Washington is left with no options, and this debacle, added to the withdrawal from Afghanistan and Iraq and the unwillingness to bomb Syria, requires a new redefining of the U.S. global posture and a different view of its allies. It is true that Washington had a lot of allies after WWII. Still, the approach implied that they play the role of an auxiliary force, and dealing with them requires no real sacrifice.
Still another historical example could be regarded as viable at present, and it is related to the early twentieth-century Britain. Similar to the Cold War America, the nineteenth-century UK had a global span and ambition. It had no desire to share the pie, and for this reason it competed with France in Africa and with Russia in Asia. At a certain moment in Africa, the so-called Fashoda Incident, France was close to war with the UK. Still, with the rise of Germany, which claimed a considerable part of the British colonial pie, London changed its view. It understood that it could not confront all the great powers and struck an alliance with them. The deal implied that Britain was ready to give to both powers what it craved itself: the French would preserve its colonial acquisition and Russia its Central Asia domain; moreover, it could get the coveted Straits and Istanbul in the case of victory in the war.
The U.S. should follow the British wise policy and move from Latin and Greek to English. The U.S., with its economic and military resources dwindling rapidly should choose its enemy – the major and most dangerous competitor and accommodate the appetite of the other. The options are limited. If Washington wants to accommodate Beijing, it should not just assume that the Pacific Ocean would be a Chinese lake but, in the long term, the U.S. should accept China as the global leader. Accepting Iran’s ambitions would imply not just ceding the Middle East with its oil/gas resources to Teheran but an open betrayal of the U.S. allies, a move which would hardly uphold America’s credibility.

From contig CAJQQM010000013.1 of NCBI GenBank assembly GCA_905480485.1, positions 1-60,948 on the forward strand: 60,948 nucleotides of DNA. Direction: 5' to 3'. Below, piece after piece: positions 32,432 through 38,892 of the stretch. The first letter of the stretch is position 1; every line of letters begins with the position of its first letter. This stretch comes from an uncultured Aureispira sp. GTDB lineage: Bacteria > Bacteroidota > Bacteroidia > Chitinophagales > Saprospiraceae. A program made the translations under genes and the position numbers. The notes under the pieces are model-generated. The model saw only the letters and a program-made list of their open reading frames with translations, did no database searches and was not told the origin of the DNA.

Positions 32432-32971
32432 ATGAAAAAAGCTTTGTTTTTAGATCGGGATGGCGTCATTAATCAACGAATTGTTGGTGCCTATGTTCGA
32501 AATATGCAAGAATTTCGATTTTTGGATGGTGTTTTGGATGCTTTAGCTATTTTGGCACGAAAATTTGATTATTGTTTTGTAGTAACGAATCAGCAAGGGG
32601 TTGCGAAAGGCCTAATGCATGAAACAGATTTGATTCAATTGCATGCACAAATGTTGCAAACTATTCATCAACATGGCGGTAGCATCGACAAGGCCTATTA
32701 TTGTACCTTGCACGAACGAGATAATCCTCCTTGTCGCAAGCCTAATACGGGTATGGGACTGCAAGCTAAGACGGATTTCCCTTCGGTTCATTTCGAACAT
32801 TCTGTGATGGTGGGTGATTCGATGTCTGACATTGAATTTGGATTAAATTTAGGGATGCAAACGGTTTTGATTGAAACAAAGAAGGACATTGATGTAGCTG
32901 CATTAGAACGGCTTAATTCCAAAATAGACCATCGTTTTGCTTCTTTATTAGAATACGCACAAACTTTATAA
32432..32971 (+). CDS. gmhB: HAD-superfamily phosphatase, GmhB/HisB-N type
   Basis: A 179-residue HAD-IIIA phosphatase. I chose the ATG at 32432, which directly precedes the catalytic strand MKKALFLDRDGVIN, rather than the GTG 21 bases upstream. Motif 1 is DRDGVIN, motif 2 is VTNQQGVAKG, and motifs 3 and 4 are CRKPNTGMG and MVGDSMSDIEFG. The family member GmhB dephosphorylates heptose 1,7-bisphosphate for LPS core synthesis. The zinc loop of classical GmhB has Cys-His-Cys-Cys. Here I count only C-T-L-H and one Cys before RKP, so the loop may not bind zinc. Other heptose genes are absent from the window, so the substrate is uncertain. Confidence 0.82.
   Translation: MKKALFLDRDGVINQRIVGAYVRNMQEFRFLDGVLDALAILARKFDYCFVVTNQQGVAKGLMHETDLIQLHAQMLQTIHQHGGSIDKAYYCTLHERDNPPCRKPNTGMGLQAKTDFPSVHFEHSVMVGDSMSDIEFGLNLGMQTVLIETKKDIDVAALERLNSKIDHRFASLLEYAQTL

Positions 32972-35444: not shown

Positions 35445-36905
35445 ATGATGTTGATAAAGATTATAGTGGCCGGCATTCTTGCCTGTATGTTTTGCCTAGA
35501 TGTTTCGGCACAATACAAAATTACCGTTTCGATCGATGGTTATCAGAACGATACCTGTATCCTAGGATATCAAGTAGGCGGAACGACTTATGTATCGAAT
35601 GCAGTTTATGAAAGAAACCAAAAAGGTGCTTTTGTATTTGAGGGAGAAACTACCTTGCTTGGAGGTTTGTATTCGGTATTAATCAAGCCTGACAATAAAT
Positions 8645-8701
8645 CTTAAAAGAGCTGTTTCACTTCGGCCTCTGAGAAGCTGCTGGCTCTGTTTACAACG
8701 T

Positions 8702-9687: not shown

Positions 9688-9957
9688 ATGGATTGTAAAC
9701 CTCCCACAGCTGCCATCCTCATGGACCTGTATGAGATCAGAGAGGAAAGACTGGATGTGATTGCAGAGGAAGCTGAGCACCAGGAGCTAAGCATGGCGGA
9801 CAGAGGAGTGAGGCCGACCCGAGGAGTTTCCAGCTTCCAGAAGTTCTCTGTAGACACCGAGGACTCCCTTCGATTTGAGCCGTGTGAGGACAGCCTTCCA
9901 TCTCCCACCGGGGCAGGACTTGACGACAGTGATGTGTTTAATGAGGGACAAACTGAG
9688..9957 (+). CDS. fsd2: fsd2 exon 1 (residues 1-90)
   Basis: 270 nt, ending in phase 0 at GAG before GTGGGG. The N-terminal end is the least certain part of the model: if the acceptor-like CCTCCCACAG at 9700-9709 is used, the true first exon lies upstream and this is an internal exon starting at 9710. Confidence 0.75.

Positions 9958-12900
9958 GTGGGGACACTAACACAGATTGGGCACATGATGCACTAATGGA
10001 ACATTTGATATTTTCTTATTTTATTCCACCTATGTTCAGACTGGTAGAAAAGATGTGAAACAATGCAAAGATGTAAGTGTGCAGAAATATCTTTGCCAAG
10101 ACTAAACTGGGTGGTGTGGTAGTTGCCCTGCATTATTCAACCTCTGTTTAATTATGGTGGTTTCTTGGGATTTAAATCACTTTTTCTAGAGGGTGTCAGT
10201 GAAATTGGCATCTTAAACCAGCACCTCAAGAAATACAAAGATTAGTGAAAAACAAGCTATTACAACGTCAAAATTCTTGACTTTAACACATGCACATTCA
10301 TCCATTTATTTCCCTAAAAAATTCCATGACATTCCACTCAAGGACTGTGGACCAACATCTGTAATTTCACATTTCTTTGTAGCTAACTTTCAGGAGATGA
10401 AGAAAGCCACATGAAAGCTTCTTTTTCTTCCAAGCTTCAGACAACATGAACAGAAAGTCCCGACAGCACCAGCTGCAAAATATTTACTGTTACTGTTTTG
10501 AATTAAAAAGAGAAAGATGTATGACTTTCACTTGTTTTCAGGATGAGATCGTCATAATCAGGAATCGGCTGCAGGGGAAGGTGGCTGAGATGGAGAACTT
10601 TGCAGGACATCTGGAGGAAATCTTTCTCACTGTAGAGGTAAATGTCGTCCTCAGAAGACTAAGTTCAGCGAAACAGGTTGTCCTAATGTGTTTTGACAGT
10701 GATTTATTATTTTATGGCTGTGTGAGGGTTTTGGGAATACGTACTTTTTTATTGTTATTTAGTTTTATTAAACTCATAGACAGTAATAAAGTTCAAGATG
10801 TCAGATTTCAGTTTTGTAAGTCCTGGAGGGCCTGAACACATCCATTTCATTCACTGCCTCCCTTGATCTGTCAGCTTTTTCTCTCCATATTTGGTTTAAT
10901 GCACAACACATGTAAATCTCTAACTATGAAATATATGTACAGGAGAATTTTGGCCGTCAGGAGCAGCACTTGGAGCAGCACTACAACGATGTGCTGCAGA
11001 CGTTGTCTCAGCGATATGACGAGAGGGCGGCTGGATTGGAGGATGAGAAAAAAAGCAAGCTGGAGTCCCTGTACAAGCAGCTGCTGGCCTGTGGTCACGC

The deal with Moscow is much more acceptable. Moscow’s global ambition is limited. Its major stress is domination over post-Soviet space where its ability to control is also quite limited and would be even more limited after the Ukrainian venture. Indeed, the Kazakhstan elite would hardly be anxious to attach itself to Russia in a “Eurasian Union” firmly enough when it watches Moscow’s behavior in Ukraine. Moscow as an American ally, or at least benevolent neutral, could be a good counterbalance to both Iran and China with whom Russia competes in various ways.
Thus, the U.S. could well accept Russia’s acquisition of part of Ukraine. The attempt to pressure Moscow would lead nowhere for Moscow senses Washington’s weakness, which would not change regardless of the occupant of the White House, and regardless of the delusions of the many who still live in a delusional world of the recent past. Pressure – unless both Washington and Brussels would engage in the confiscation of the property of the oligarchs and bureaucrats and put an embargo on Russian oil and gas – would not affect Moscow much.
Moreover, it could well reciprocate: the embargo on Iranian trade would come to an end; P-300 missiles would be delivered; and, in the case of too heavy a pressure, it could even tacitly help Iran to be nuclear. One could remember North Korea, which would hardly be able to create and perfect its nuclear arsenal without China’s help.
It is clear that it is not pleasing for the American Mars to shift from “Latin” – the Roman policy of deploying legions in case of any trouble – to “English,” which implies the accommodation and sharing of power with an adversary. Still, reality would impose this transition anyway, and any military leader would affirm that an organized retreat is much preferable to a disorganized rout.